# INSTABILITIES RELATED WITH RF CAVITY IN THE BOOSTER SYNCHROTRON FOR NSLS-II Page: 4 of 5

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HOW TO SUPPRESS HIGHER-ORDER

MODES PROBLEM

It seems that the shunt impedances as for TMO11 mode

are too high to store beam in the booster ring. However,

the electric field of TMO 11 mode focuses on the top of a

cavity, where an input coupler is installed. Thus electric

field of TMO 11 is strongly coupled with an input coupler.

Consequently the impedance of TMO11 decreases

automatically. The TM110 mode kicks beam transversely

by the magnetic fields. On the other hand, TM1 11 mode

kicks beam by the electric field. If the coupled-bunch

instability of transverse modes occurs in an actual beam

operation, we cannot add the beam anymore over the

threshold current. In general, TM110 and TM111 are

notorious modes as coupled-bunch instability. First of all,

we calculate threshold currents due to HOM's.

THRESHOLD CURRENT

Let's calculate the threshold current in each mode. In

order to calculate the threshold currents as for

longitudinal and transverse HOM's, we assume that the

theoretical threshold current is given by that the

instability will arise if the growth rate exceeds the

damping rate [4][5][6][7][8] and also we assume the

beam has a rigid form. When higher-order modes just

coincide with the revolution frequency, they are grown

and kick stored beam. The revolution frequency is 1.894

MHz. If one of HOM's coincides with or is closes to the

revolution frequency, beam with the energy of 200 MeV

injected from the linac doesn't survive due to the coupled-

bunch instability. The threshold currents concerning

longitudinal and transverse modes are given by the

following expressions of2. Eo - f,

1,h(longitudinaJ= 2*sF0,

r-e-a-f,- f - Z(3-1)

Eo:electron energy

fS :synchrotron frequency

r,:longitudinal damping rate

e: electron charge, e=1 we take natural unit

(1: momentum compaction factor

fr: revolution frequency (=1.893 x 10^6 Hz)

.fHom: HOM frequency

Z: impedance for HOM1, traversee) = 2E ,

s pa.,8,- 2r,

T. ransverse damping rate, z. = 2z(3-2)

e: electron charge, e=1 we take natural unit

6T: beta-function.

If one of HOM's coincides with just the revolution

frequency line, stored beam would be lost almost

completely at the beam energy of 200 MeV. As an

example, threshold currents for TM110 mode arecalculated to be 65 nA at 200 MeV and 3.3 mA at 3 GeV,

respectively. Basing on those threshold currents, we

present the suppression method of coupled-bunch

instability in the next section.

SUPPRESSION OF HOM PROBLEM

In order to store the beam current stably, we have to use a

something HOM suppression methods. From the results

of the threshold current given in the previous section, we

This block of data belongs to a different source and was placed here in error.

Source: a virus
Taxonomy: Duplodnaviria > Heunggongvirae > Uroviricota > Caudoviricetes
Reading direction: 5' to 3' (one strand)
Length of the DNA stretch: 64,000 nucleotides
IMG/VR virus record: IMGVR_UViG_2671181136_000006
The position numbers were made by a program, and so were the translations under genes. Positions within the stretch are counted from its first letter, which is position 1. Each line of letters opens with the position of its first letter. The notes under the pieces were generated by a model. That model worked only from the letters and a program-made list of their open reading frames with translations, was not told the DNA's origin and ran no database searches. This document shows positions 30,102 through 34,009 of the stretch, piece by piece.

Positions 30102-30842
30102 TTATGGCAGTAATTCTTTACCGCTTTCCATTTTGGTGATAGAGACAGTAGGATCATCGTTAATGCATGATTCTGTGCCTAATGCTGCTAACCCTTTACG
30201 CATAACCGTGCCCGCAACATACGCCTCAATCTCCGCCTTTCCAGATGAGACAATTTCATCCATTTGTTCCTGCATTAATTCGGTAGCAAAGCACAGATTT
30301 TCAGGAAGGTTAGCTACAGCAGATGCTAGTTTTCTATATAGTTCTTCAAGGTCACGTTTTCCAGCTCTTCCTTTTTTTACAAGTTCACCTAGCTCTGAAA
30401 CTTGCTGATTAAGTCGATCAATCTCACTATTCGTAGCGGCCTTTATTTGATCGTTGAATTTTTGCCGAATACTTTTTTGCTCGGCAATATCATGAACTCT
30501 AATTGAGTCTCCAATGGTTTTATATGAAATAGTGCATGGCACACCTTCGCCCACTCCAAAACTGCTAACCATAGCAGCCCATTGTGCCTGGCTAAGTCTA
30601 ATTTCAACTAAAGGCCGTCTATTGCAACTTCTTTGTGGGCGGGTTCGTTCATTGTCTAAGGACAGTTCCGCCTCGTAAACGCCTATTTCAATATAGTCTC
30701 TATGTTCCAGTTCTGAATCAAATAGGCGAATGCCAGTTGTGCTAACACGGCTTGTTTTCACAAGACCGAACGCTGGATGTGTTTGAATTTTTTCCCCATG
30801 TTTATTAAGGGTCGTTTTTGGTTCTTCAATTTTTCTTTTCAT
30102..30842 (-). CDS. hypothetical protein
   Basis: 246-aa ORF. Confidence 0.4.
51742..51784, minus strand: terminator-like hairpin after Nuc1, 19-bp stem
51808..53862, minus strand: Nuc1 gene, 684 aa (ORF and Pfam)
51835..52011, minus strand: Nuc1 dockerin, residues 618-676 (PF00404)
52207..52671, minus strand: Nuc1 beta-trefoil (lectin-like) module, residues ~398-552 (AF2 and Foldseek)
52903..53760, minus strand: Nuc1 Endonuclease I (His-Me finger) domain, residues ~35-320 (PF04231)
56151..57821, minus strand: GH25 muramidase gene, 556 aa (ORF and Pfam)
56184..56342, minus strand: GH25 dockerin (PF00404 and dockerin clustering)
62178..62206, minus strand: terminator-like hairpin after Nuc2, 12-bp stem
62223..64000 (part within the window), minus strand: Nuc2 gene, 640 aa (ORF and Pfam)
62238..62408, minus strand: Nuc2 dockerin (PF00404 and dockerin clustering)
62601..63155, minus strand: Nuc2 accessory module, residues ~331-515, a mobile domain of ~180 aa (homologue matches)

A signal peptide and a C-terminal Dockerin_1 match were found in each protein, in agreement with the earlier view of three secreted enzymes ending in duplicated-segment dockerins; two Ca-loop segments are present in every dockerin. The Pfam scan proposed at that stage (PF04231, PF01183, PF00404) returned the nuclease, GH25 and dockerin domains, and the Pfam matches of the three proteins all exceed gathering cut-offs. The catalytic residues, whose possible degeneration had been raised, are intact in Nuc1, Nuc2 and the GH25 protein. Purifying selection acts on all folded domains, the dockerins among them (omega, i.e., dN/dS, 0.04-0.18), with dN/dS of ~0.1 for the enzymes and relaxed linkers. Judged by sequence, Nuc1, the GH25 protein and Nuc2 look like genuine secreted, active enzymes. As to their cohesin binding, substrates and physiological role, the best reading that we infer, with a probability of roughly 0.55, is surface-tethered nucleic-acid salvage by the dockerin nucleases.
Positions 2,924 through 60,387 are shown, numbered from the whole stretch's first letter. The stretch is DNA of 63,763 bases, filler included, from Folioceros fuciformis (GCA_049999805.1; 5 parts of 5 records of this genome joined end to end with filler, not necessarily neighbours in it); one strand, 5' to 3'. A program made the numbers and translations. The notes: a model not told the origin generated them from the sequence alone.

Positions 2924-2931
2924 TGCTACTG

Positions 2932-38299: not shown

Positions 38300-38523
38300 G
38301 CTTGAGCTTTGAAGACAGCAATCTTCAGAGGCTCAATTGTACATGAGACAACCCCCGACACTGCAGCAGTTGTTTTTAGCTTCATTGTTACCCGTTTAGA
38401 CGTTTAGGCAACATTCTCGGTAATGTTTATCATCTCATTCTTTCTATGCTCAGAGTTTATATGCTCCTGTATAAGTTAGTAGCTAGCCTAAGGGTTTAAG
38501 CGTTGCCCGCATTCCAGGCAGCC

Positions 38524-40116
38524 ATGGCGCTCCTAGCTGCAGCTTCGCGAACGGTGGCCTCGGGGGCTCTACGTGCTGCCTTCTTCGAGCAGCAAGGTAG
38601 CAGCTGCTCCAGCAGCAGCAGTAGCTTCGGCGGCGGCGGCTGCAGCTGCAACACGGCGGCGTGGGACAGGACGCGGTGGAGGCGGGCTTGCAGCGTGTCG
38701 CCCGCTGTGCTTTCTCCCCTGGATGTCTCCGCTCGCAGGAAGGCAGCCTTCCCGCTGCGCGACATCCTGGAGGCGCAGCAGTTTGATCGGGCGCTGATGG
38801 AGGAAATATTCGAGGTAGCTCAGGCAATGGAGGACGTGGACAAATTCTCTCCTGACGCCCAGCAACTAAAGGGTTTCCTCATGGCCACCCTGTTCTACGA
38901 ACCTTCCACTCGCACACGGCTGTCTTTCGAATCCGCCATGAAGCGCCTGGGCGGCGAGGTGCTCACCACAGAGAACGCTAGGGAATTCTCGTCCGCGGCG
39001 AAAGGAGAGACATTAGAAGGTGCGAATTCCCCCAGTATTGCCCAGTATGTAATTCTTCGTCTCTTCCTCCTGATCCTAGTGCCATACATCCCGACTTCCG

show a method that makes impedances smaller by shifting

the frequencies of HOM from the revolution frequency.

To store beam current over 50 mA, we can obtain the

required impedances from the both equations of (3-1) and

(3-2), and result the values 2 ohms for TMO11, 36 ohms

for TM110 and 28 ohms for TM111, respectively. To

reduce the values of those impedances, we detune the

frequencies of HOM from the revolution frequency. We

use unloaded Qo values in calculating the frequency

shifts. The Qo value is expressed by using the resonant

frequency f and Af, which represents the full width at half

maximum, Q=f/Af. Let's assume Gaussian as the

distribution function of impedances. Since the center of

distribution function gives the maximum impedance, we

can calculate the frequency shift. As for TMO11 mode,

the impedance becomes 2 ohms at the frequency shift of

56 kHz from the center of frequency. And also we can

calculate the frequency shifts as for TM110 and TM111,

and we get 33 kHz and 58 kHz, respectively. Thus we

obtained required amount of frequency shifts as for

HOM's. What we need the next is to obtain the relation

between cavity temperature and frequency shift of each

HOM. In order to obtain the relation between cavity body

temperature and frequency shift of HOM, we carried out

that we changed cooling water temperature for 7-cell

cavity and took frequency shift for each HOM. When we

change the water temperature, we adjusted the resonance

frequency of cavity at the fundamental frequency of

499.67 MHz by using two movable tuners. And a typical

data is shown in Fig. 1. However, we could not observe

the mode of TMO12 in Table 1. We finally obtained the

relation between the cavity body temperature and

frequency shifts of HOM's as shown in Fig. 2. We

showed two cases of both without tuning at the

fundamental frequency and with tuning.

From Fig. 2, we can know the frequency shifts of

TM011, -10.1 kHz/degree for TM110, -13.2 kHz/degree

for TM111 modes, -22.5 kHz/degree for TM021,

respectively. In order to reduce those impedances, we can

know better cavity body temperature. Taking into account

of various conditions as for utility, we decided to set the

cooling water temperature of 35 degrees. Let us plot all

frequencies of HOM on the line of revolution frequency

at the cavity body temperature of 35 degrees and we

obtain the Fig. 3. The numbers of points correspond to the

frequencies of HOM's. The frequency differences

between revolution lines and (1) and (13) are 59 kHz and

100 kHz, respectively.

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Kawashima, Y.; Cupolo, J.; Ma, H.; Oliva, J.; Rose, J.; Sikora, R. et al. INSTABILITIES RELATED WITH RF CAVITY IN THE BOOSTER SYNCHROTRON FOR NSLS-II, article, Date Unknown; United States. (digital.library.unt.edu/ark:/67531/metadc845813/m1/4/: accessed October 23, 2018), University of North Texas Libraries, Digital Library, digital.library.unt.edu; crediting UNT Libraries Government Documents Department.